Similarities exist in the language and concepts employed by both the pagan polemicists and Christian apologists, and that is in large part because Christian writers like Origen were educated by Graeco-Roman philosophers; by Ammonius Saccas in Origen’s case; who later taught Plotinus. E.R. Dodds makes the point that the Christian apologists were “writing to the world of educated pagans” and that, “both Christian and pagan philosophy were in a continuous process of change and development throughout the period”.[22] It is important to remember that philosophers were, in general, “a minority of educated upper class elites”, and although influential with some Emperors, like Gallienus, not with the masses.[23] Educated Christians sought intellectual credibility for their religious beliefs through literary debate with the Graeco-Roman intellectuals, and were, in effect, inventing their philosophy at this point in history; the content of the Christian gospels were in flux and there was no fixed religious canon at this time.[24]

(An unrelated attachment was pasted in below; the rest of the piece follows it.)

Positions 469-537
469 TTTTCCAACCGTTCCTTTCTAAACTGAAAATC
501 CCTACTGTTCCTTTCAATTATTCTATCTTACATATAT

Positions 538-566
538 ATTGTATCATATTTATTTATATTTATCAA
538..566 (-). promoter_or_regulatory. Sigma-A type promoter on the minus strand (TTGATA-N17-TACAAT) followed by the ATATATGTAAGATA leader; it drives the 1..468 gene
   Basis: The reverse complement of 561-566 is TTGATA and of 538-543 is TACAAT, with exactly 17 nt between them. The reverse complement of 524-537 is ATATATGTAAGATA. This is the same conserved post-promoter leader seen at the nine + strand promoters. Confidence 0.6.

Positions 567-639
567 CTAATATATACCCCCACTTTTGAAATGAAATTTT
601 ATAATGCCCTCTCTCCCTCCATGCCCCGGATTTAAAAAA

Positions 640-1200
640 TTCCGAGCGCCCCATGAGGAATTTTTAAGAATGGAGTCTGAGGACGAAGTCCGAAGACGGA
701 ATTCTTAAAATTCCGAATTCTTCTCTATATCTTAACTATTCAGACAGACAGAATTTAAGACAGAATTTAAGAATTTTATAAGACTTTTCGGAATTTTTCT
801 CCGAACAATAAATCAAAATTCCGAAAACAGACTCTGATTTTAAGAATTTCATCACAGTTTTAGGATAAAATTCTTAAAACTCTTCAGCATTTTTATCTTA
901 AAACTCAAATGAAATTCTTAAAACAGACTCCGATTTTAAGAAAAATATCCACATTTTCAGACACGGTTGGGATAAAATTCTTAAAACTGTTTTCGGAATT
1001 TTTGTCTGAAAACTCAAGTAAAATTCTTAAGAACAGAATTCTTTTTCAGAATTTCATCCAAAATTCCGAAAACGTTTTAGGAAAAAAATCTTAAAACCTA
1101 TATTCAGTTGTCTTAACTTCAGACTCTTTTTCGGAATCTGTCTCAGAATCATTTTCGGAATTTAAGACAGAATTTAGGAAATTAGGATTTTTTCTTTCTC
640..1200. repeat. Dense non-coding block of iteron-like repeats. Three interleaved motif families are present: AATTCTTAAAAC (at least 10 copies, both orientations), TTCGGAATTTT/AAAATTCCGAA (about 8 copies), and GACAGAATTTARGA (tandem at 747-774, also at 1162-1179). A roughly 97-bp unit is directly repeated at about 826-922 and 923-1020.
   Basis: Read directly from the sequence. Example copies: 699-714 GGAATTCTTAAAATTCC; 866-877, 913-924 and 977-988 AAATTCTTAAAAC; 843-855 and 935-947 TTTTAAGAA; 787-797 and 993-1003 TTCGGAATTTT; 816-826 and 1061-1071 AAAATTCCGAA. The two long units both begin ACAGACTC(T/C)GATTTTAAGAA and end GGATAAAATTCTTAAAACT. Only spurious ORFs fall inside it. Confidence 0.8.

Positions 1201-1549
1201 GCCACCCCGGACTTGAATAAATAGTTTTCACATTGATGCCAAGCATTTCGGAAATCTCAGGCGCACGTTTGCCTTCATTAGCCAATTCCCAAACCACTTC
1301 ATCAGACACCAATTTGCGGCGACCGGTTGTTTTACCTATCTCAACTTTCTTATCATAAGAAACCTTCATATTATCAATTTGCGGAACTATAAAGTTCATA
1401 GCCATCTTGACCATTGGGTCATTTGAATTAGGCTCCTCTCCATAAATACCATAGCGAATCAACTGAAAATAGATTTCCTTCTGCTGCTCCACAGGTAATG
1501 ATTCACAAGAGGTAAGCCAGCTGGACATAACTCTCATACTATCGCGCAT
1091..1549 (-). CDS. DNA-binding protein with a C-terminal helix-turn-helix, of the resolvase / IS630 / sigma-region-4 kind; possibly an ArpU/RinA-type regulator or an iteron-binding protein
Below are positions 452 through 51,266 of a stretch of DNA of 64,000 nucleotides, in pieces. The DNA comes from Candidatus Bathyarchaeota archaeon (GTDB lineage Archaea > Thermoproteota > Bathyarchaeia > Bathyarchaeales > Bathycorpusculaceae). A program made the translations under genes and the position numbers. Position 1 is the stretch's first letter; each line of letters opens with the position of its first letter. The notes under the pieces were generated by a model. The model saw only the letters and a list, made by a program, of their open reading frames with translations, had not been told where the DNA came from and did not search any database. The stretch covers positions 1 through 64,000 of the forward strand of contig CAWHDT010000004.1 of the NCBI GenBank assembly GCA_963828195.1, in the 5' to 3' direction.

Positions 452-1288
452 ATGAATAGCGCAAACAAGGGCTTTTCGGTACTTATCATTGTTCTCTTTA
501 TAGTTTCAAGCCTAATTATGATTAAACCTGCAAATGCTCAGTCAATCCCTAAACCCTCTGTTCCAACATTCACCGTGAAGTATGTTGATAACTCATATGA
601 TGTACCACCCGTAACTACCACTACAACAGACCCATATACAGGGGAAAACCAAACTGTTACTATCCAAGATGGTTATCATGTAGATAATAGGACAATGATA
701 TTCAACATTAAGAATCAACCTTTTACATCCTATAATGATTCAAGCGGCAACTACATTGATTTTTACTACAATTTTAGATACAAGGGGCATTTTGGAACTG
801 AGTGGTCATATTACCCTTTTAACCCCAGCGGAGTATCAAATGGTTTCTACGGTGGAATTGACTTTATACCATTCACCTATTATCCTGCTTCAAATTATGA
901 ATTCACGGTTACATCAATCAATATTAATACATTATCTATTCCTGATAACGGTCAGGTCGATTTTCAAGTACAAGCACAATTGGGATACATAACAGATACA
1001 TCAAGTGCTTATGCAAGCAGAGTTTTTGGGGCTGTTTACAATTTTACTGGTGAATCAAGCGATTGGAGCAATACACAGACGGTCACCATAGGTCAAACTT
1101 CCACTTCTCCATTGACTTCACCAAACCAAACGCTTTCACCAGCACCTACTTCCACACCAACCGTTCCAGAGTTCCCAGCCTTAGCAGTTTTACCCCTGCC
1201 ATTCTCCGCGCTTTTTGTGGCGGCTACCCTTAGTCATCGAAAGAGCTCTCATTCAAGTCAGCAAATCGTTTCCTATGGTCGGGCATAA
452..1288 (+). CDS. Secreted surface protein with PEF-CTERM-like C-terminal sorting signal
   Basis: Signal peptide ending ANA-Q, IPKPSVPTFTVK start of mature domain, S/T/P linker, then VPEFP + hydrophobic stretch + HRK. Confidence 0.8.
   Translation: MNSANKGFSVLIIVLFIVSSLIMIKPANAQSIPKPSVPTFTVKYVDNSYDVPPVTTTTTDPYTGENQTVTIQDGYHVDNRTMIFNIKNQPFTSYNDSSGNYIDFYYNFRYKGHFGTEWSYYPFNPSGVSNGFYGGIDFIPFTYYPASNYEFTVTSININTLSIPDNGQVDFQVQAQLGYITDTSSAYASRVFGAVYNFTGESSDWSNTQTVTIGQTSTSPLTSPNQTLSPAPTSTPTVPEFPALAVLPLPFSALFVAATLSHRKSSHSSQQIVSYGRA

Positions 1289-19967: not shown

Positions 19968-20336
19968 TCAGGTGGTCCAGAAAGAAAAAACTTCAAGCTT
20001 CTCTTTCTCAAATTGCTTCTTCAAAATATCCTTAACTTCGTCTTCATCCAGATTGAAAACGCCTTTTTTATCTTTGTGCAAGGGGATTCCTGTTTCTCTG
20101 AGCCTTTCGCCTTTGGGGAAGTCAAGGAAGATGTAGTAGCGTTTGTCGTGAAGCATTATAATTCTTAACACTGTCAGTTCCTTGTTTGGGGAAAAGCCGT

Celsus was motivated to write his True Doctrine in support of the political “institutions of the Graeco –Roman world” and charged the Christians with sedition.[25] Celsus accuses the Christian scriptures of saying that, “it is impossible to serve many masters”, and therefore undermining the Empire.[26] This was a popular accusation to level against the Christians by both the state authorities and the intellectuals during the second and third centuries. Christians were not enlisting in the Roman army in the second century, and according to Warren Hovland, “there are no graves of Christian soldiers that can be dated before AD 180”.[27] Celsus urged Christians to enlist in the army and contribute to civil service within the Empire.[28] Second century Christian writer Felix Minucius echoes the common pagan misapprehension that Christians have, “no capacity for understanding civil matters”.[29] Celsus, it has been opined, recognised Christianity as a counter culture movement and a danger to the establishment status quo.[30] The pagan intellectuals were conservatively aligned with the established order of the Empire.